Vatican City • Whenever Pope Francis visits prisons, whether during his whirlwind trips to the world’s peripheries or at a nearby jailhouse in Rome, he always tells inmates that he, too, could have ended up behind bars.
“Why you and not me?” he asks.
That humble empathy and the ease with which he walks in others’ shoes has won Francis admirers around the globe and confirmed his place as a consummate champion of the poor and disenfranchised.
But as he marks the fifth anniversary of his election Tuesday and looks ahead to an already troubled 2018, Francis faces criticism for both the merciful causes he has embraced and the ones he has neglected. With women and sex abuse topping the latter list, a consensus view is forming that history’s first Latin American pope is perhaps a victim of unrealistic expectations and his own culture.
Nevertheless, Francis’ first five years have been a dizzying introduction to a new kind of pope, one who prizes straight talk over theology and mercy over morals — all for the sake of making the church a more welcoming place for those who have felt excluded.
“He’s fantastic, very human, very simple,” Marina Borges Martinez, a 77-year-old retiree, said as she headed into evening Mass at a church in Sao Paulo, Brazil. “I think he’s managed to bring more people into the church with the way he is.”
Many point to his now famous “Who am I to judge?” comment about a gay priest as the turning point that disaffected Catholics had longed for and were unsure they would ever see.
Others hold out Francis’ cautious opening to allowing Catholics who remarry outside the church to receive Communion as his single most revolutionary step. It was contained in a footnote to his 2016 document “The Joy of Love.”
“I have met people who told me they returned to the Catholic faith because of this pope,” Ugandan Archbishop John Baptist Odama, who heads the local conference of Catholic bishops, said.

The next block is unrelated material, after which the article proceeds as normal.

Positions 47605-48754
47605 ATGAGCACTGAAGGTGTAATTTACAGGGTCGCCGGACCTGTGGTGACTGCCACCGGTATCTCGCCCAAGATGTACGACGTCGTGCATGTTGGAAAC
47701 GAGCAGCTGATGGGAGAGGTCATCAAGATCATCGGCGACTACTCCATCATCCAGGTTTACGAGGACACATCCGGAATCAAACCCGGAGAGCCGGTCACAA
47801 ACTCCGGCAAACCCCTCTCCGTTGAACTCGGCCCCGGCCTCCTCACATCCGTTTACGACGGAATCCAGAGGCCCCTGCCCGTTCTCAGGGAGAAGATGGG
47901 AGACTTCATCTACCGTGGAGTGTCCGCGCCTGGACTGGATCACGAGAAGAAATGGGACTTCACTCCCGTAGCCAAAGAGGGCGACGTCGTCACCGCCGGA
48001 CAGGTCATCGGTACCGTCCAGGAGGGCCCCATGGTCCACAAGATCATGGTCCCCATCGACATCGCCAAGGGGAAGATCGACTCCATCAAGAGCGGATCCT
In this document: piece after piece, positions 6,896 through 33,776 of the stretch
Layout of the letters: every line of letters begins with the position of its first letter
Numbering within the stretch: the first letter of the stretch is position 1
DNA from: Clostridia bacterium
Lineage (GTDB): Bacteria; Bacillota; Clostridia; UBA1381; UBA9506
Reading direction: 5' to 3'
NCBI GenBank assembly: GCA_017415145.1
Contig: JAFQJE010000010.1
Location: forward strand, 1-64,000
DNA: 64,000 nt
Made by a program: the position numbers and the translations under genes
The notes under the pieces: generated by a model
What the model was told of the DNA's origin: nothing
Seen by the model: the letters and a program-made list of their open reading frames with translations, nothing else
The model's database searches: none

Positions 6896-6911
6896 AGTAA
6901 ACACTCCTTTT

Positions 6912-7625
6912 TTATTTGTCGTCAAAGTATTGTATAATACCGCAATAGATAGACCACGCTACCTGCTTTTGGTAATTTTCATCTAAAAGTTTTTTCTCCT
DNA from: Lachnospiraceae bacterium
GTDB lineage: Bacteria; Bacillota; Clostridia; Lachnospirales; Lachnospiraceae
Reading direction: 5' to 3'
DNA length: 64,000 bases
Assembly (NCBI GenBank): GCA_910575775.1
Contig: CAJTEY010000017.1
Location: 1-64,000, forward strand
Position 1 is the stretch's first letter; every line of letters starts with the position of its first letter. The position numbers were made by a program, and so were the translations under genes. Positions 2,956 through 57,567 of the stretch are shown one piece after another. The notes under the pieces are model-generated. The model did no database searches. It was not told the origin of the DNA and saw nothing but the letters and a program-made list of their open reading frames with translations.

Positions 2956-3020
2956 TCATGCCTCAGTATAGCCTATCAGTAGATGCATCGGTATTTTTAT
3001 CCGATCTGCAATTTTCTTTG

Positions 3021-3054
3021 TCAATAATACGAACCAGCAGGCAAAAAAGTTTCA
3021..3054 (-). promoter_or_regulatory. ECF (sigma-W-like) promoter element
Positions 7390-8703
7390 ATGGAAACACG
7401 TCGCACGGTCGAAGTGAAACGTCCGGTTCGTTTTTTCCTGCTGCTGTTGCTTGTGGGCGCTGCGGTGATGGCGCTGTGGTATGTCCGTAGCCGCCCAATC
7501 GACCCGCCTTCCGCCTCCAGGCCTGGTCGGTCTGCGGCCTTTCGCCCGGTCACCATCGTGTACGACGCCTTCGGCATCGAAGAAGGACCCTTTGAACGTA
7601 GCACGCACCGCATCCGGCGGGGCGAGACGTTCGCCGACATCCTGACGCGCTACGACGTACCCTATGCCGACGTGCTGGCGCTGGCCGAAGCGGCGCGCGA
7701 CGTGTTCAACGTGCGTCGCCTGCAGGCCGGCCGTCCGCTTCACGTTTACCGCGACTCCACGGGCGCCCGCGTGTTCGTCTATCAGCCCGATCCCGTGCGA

“Simple as he may be, he has passed a very powerful message about our God who loves everybody and who wants the salvation of everyone.”
Another area in which Francis has sought change extends into global politics, with his demand for governments and individuals to treat migrants as brothers and sisters in need, not as threats to society’s well-being and security.
After a visit to a refugee camp in Lesbos, Greece, Francis brought a dozen Syrian Muslim refugees home with him on the papal plane. The Vatican has turned over three apartments to refugee families. Two African migrants recently joined the Vatican athletics team.
His call has gone largely unanswered in much of Europe and the United States, though, where opposing immigration has become a tool in political campaigns. Italians in the pope’s backyard voted overwhelmingly this month for parties that have promised to crack down on migration, including with forced expulsions.
The Pew Research Center found that while Francis still enjoys a consistently high 84 percent favorability ratings among U.S. Catholics, an increasing number on the political right believe him to be “too liberal” and naive. Despite all the talk of “the Francis effect” bringing Catholics back to church, Pew found no evidence of a rise in self-proclaimed Catholics or Mass-goers.